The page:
Thursday, December 2, 2010

Find the 'right' SAS functions


How many functions SAS has? Well, it sounds like a job interview question. For SAS 9.2, by querying the system dictionary (sashelp.vfunc or dictionary.functions), the exact answer is 946, including all functions and call routines. There are two types - unicode/bit based on input argument, while three types –numeric/character/bitwise based on output argument. Again according to their usage[1], the common SAS functionscan be categorized into several types: array(3), bitwise logical operation(3), PERL regular expression(11), character(91), time(38), descriptive statistics(32), random number(22), probability(18) , mathematics(36), finance(32), etc.

Some functions have evolved for several generations Since SAS has development history of more than 40 years. For example, there are 6 functions from SAS dictionary for random number generator from normal distribution, including ‘normal’, ‘rannor’ and its call routine, ‘rannorm’ and its call routine, and ‘rand’. All functions need seeds to produce random numbers and the random number queue can be replicated if with the same seed. The difference is that the latest one ‘rand’ has astronomical possibilities of seeds, while the older types only contains merely 2 trillion seeds that can cause dependence among various random number queues.

SAS handles data with rows as units (SAS calls row as observation), which is a unique characteristics, while most other software packages tend to process data with columns or vectors. Thus, many summarization functions in Data step only work on the ‘right’ by combining all variables in a row. As for vertical summarization, the SAS procedures are more appropriate, such as Proc Summary, Proc Means or Proc report. In a word, if we prefer SAS Data step, a transposition may be necessary.

Reference: 1. SAS 9.2 Language Reference: Dictionary, Third Edition. SAS Publishing. 2009.
2. Ron Cody. SAS Functions by Example, Second Edition. 2010.

/**********************AUTHOR(DAPANGMAO)----HCHAO8@GMAIL.COM***********************************;
*(1)CALCULATE THE COMPOSITION OF SAS FUNCTIONS*/
proc sgplot data=sashelp.vfunc;
vbar fnctype/barwidth=0.5
transparency=0.2 ; 
run;

proc sgplot data=sashelp.vfunc;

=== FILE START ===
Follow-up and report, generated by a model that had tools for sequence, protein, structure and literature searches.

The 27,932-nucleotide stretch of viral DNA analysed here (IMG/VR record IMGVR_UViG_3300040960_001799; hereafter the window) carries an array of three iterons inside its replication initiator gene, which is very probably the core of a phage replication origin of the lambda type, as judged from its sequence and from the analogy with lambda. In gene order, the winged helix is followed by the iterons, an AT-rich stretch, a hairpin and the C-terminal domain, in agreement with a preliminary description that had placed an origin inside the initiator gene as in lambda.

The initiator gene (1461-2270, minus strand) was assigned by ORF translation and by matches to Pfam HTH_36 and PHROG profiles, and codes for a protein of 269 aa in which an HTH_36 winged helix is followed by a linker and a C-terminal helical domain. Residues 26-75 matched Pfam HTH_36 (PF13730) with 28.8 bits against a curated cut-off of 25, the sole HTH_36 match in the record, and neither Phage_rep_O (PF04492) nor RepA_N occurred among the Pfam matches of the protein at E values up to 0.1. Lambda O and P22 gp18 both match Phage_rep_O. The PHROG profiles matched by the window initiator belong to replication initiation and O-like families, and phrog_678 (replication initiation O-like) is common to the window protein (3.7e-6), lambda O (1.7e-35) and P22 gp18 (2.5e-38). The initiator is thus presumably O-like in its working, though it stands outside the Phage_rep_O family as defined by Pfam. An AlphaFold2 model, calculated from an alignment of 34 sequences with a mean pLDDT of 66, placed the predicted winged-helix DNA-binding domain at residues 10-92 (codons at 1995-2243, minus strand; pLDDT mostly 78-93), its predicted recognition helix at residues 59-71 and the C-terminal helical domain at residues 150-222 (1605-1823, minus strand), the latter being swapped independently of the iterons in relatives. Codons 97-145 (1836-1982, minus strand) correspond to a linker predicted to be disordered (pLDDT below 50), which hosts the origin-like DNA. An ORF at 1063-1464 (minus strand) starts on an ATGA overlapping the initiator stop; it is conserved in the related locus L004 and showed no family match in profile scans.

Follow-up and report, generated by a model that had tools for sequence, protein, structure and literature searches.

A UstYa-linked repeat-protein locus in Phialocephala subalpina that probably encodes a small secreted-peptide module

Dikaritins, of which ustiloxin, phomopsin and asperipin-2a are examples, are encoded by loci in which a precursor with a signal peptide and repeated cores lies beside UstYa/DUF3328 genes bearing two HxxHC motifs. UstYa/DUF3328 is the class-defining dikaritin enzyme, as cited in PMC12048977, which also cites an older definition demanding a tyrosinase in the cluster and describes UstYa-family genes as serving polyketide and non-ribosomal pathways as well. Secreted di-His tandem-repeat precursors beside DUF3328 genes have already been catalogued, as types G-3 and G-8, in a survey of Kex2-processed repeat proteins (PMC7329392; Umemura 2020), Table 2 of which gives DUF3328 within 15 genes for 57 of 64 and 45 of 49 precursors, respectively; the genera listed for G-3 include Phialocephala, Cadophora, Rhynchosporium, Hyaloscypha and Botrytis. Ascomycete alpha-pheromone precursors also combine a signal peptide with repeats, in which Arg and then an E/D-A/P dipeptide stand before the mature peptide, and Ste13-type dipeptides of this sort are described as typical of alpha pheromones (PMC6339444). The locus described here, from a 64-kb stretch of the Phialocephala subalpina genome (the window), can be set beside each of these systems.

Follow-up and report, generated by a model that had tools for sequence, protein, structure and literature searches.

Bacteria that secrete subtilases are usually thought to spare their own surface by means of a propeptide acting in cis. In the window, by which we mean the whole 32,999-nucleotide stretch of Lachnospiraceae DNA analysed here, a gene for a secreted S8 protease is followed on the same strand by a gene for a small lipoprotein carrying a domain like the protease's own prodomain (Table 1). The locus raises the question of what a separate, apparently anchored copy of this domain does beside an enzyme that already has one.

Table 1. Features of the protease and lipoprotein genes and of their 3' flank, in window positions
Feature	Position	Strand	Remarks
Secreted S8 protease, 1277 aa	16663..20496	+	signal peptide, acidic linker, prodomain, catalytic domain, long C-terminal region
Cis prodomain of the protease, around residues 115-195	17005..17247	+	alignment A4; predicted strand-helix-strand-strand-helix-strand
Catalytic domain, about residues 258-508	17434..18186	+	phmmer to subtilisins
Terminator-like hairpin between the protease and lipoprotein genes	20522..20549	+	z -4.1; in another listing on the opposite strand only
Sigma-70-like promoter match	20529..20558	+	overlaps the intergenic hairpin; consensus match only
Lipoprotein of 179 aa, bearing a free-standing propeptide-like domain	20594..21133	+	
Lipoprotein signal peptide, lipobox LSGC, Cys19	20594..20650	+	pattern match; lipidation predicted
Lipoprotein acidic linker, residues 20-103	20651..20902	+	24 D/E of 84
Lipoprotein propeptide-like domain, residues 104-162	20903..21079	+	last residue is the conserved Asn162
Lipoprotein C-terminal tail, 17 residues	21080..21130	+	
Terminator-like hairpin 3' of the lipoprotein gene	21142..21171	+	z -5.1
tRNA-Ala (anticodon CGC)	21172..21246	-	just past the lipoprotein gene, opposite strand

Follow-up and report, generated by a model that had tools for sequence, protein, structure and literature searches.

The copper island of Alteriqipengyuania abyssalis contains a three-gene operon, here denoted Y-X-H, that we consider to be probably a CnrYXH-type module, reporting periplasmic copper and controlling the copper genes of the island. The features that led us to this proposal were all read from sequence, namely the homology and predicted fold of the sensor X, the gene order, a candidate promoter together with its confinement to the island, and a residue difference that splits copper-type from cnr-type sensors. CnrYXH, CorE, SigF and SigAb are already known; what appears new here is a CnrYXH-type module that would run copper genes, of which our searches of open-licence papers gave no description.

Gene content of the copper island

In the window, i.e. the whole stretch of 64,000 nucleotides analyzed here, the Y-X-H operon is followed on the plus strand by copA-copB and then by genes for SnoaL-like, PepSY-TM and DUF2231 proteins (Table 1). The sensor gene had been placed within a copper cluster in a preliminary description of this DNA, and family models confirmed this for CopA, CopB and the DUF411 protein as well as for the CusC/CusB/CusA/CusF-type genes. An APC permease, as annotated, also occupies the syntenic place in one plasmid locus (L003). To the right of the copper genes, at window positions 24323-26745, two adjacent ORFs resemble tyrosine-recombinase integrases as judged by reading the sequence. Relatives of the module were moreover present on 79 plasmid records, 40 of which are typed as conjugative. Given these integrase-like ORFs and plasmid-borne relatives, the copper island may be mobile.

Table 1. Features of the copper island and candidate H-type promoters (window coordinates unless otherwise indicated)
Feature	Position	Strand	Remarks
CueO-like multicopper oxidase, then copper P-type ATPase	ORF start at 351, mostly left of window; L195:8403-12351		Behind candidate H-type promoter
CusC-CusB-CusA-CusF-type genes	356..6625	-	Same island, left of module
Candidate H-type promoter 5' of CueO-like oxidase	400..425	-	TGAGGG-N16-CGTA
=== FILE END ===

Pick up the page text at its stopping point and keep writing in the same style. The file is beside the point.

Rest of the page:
vbar source;
run;
proc sgplot data=sashelp.vfunc;
scatter x= source y=fnctype;
run;
proc sql;
select *
from sashelp.vfunc
where lowcase(fncname) in ('rannorm', 'rannor', 'normal', 'rand');
quit;
proc freq data=sashelp.vfunc;
tables fnctype*source/nopercent nocum norow nocol;
run;

/*(2)COMPARE SERVAL RANDOM FUNCTIONS*/
data one;
call streaminit(1234);
do i=1 to 10000;
x1=rannorm(1234);
x2=rannor(1234);
x3=normal(1234);
x4=rand('normal');
output;
end;
run;
data two;
seed1 = 1;
seed2 = 3;
seed3 = 5;
seed4=7;
do i = 1 to 10000;
call rannor(seed1, x1);
call rannor(seed2, x2);
call rannor(seed3, x3);
call rannor(seed4, x4);
output;
end;
run;
%macro test(input);
proc sgscatter data = &input;
title 'Independence test';
plot x1*x2 x1*x3 x3*x2 x1*x4 x2*x4 x3*x4 / markerattrs = (size = 1);
run;
%mend test;

/*(3)PICK OUT THE LARGEST THREE FROM VARIOUS TRANSACTIONS*/
data test;
attrib amt informat=dollar10.2 format=dollar10.2;
do id=1 to 10;
times=ceil(100*ranuni(12345));
do i=1 to times;
amt=10000*ranuni(123);
output;
end;
end;
drop i times;
run;
proc sort data=test out=test1; 
by id descending amt;
run;
data test2;
do _n_=1 by 1 until(last.id);
set test1 ;
by id;
if _n_<4 then output;
end;
run;
proc transpose data=test out=test3(drop=_name_);
by id notsorted;
var amt;
run;
proc sql;
select name into: vname separated by ', '
from sashelp.vcolumn
where libname='WORK'
and memname='TEST3'
and name contains 'COL'
;quit;
%put &vname;
data test4;
set test3;
call sortn(of &vname);  
vstd=std(of &vname);
vmax=max(of &vname);
vmean=mean(of &vname);
vmedian=median(of &vname);
vrange=range(of &vname);
vnum=n(of &vname);
vmissing=nmiss(of &vname);
no1=largest(1, of &vname);
no2=largest(2, of &vname);
no3=largest(3, of &vname);
run;

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